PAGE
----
how to pretty-print XML in PowerShell, and text pipelines

When I've needed to format an XML document nicely in PowerShell for the first time, I was pretty new to PowerShell. Doing it directly dind't go too well but then I've found somewhere on the Internet an example that had shown me a different side of PowerShell, it really drove home the point that PowerShell is a shell to the .NET virtual machine. Here is my version of that example, with a bunch of niceties included:

function Format-Xml {
Format the incoming object as the text of an XML document.
        ## Text of an XML document.
        [Parameter(ValueFromPipeline = $true)]

    begin {
        $data = New-Object System.Collections.ArrayList
    process {
        [void] $data.Add($Text -join "`n")
    end {
        $doc=New-Object System.Xml.XmlDataDocument
        $doc.LoadXml($data -join "`n")
        $sw=New-Object System.Io.Stringwriter
        $writer=New-Object System.Xml.XmlTextWriter($sw)
        $writer.Formatting = [System.Xml.Formatting]::Indented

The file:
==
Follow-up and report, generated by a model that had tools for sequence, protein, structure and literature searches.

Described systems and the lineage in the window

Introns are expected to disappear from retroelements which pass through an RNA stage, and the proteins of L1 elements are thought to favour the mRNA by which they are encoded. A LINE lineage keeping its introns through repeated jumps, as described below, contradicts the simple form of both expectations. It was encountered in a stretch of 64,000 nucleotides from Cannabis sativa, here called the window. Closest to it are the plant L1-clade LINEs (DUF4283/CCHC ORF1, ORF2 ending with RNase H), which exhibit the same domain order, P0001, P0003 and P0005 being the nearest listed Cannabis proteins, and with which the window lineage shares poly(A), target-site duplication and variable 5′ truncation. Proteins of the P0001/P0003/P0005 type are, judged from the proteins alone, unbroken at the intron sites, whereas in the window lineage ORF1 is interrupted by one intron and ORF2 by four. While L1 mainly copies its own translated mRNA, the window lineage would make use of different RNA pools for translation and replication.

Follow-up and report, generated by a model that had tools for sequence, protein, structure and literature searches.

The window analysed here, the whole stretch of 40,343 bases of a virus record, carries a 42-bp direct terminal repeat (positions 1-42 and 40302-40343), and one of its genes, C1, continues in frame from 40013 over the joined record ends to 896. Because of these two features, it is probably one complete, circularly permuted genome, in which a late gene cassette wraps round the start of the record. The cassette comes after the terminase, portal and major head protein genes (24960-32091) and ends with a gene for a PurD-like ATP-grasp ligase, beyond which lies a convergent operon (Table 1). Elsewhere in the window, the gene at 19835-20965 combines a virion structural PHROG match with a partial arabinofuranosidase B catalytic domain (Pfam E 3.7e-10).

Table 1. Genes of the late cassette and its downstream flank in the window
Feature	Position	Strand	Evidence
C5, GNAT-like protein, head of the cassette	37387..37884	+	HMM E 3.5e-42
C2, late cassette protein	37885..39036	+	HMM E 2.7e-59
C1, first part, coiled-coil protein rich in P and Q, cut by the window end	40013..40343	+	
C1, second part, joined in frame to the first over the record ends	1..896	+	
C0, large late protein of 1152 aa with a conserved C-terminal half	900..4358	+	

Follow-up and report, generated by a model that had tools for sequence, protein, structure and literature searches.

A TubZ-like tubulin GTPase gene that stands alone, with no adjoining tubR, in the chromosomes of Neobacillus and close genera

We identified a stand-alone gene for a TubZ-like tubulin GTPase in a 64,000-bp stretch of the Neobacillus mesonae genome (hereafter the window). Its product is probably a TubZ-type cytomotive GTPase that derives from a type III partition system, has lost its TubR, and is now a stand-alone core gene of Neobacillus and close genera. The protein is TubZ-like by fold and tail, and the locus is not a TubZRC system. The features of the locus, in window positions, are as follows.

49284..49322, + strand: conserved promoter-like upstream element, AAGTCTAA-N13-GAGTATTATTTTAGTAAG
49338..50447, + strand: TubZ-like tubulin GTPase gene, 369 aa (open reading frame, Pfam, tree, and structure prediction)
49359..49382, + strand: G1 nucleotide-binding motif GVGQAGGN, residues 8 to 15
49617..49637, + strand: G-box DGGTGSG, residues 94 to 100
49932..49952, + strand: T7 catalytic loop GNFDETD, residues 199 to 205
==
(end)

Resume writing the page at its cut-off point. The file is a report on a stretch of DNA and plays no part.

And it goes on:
Export-ModuleMember -Function Format-Xml

Aside from the formatting itself, it shows how to handle the input pipelines. You can use it either way:

Format-Xml (Get-Content c:\work\AzureNano\xml\state.xml)
Get-Content c:\work\AzureNano\xml\state.xml | Format-Xml

But as you can see from the source code, the handling of the input is a bit convoluted. This is because of the disconnect between Get-Content reading every line as a separate result object and the pipeline handling assuming that the function must act separately on each incoming object. Well, they do connect if you want the function to process the input data line-by-line but not if you want to process the whole input as a complete text. Or you could potentially use

Get-Content -ReadCount 0

to get the whole text in one chunk but this option is not exactly mnemonic and I forget it.

Otherwise if you want a complete text, first you have to collect the whole text. And the PowerShell arrays are not a good data structure to collect the whole text from pieces, because they are immutable. Instead you have to go again to the raw .NET classes, create a mutable ArrayList, and collect your data there. But then see how nicely you can use the PowerShell operator -join on that ArrayList, list like on a PowerShell array, because this operator uses the common interface implemented by both classes.

Comments (1)
  1. Jimoza says:

    I love this site, which helps to test my XML data.


Comments are closed.

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